Let me put it as delicately as I can: Getting to Ahilya Fort is hell. No, sheer hell. And…worth every last dreary minute of it, first the one-hour-and-20-minute flight from Delhi to Indore, then the three-hour drive on a twisting, turning so-called highway. There is no glitzy spa, no sandstone elephants spouting tinted water as you enter. And for those of you crazed lap swimmers, forget about an infinity anything—the grand, elegantly tiled pool in the garden is better by far. But the even greater body of water is the River Narmada, on whose rocky banks the Maharani of Indore built this stately pleasure dome more than 200 years ago. Here at Maheshwar, in the state of Madhya Pradesh, Prince Shivaji Rao Holkar, a descendant of Rani Ahilyabai, son of the last Maharaja of Indore, has preserved and restored the fort’s interiors and Maratha-style architecture. Today the remodeled family pile’s 12 wonderful guest rooms (and two garden tents) capture the old-world charm of the original palace. “But the towels! They’re horrible,” decried the otherwise adorable Englishwoman and savvy traveler I met on my first night there. She’s right. Forget fluffy towels, room service, and cute little logo’d slippers. Instead there are views from antique ramparts and magical eccentric rooms, some large, some small; mine had its own little pavilion overlooking the river. There is no formal dining room. But meals—movable feasts, really—are served everywhere: poolside, on shaded patios and courtyards, and, most magically, on secret and nearby moonlit islands to which one is transported in long, low boats. Diyas (little oil lamps) drift by as you dine on Ahilya’s great classic central Indian cooking. The fort is the real thing; there’s no trickery here but rather an authenticity, and, to my way of thinking, a once-in-a-lifetime experience—albeit one for a certain type of traveler. Rooms begin at $250 a night and include everything—meals, drinks, massages, et al. For reservations, call 91-11/4155-1575 or go to ahilyafort.com.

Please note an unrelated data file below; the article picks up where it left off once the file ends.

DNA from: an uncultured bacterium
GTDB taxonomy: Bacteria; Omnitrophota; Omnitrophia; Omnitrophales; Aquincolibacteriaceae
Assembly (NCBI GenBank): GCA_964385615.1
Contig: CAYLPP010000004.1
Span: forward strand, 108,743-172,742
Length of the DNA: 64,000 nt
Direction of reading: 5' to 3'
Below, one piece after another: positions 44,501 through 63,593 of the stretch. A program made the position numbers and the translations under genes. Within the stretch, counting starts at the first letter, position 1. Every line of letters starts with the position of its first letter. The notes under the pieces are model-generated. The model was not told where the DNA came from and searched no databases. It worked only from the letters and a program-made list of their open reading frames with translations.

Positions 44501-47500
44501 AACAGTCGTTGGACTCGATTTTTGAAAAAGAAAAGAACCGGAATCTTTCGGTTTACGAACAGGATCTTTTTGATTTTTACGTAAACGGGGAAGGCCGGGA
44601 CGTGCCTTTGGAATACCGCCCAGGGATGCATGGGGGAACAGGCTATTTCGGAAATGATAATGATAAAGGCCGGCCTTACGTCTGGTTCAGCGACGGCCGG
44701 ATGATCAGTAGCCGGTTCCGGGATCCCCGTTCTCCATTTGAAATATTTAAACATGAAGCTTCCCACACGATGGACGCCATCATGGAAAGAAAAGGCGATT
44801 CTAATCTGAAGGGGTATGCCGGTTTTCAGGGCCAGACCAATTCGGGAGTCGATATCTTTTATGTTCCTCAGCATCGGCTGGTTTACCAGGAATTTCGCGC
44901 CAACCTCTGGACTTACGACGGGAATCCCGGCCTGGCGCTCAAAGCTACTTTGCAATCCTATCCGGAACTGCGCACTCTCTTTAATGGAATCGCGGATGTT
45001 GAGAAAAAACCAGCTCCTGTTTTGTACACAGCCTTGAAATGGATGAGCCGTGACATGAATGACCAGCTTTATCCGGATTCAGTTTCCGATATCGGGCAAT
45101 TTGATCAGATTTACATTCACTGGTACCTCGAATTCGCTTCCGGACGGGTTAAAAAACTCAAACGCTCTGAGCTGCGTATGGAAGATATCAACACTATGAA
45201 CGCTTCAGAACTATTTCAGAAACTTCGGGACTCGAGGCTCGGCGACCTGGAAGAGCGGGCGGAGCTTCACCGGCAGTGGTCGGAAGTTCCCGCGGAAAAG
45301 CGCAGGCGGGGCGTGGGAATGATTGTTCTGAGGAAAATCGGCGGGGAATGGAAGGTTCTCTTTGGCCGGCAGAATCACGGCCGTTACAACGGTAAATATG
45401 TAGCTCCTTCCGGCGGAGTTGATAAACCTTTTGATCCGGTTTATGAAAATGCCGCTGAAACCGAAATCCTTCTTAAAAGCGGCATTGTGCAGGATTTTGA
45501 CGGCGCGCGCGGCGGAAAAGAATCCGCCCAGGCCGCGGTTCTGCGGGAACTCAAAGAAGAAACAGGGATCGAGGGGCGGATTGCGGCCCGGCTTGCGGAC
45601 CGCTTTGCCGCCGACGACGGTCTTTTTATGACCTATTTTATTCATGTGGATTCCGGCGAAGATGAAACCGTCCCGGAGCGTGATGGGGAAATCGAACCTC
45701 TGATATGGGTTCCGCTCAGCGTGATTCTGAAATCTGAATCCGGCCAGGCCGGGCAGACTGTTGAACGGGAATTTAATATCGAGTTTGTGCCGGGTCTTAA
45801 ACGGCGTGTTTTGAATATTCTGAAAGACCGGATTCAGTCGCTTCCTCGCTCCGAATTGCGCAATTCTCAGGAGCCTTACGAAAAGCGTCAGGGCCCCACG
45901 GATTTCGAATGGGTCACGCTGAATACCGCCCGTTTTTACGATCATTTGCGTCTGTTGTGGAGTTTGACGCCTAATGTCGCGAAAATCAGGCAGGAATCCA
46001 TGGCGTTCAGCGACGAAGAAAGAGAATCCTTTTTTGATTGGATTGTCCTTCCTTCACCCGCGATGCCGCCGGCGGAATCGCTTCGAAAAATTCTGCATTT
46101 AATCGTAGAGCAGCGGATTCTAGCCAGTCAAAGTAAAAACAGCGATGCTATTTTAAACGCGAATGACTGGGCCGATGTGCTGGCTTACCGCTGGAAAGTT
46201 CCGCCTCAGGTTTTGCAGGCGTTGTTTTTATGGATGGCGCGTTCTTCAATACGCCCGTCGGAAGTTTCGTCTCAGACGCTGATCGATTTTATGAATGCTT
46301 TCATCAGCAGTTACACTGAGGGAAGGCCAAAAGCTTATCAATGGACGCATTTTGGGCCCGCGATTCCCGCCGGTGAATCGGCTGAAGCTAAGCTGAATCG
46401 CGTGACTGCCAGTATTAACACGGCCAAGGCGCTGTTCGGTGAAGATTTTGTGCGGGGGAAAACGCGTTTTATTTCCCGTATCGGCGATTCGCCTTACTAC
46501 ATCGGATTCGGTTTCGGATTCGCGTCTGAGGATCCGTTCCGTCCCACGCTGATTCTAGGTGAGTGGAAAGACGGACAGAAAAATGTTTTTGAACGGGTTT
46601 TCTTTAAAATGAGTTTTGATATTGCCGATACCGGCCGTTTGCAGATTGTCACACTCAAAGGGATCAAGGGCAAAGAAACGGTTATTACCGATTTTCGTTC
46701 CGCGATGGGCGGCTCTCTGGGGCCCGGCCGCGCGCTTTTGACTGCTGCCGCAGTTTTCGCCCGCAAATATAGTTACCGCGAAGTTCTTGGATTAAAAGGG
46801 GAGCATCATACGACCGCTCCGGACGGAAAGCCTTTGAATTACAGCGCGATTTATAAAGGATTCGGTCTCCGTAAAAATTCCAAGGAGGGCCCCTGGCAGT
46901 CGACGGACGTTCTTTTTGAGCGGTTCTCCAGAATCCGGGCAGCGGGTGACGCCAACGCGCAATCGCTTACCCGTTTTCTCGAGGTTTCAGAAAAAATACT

Courtesy Ahilya Fort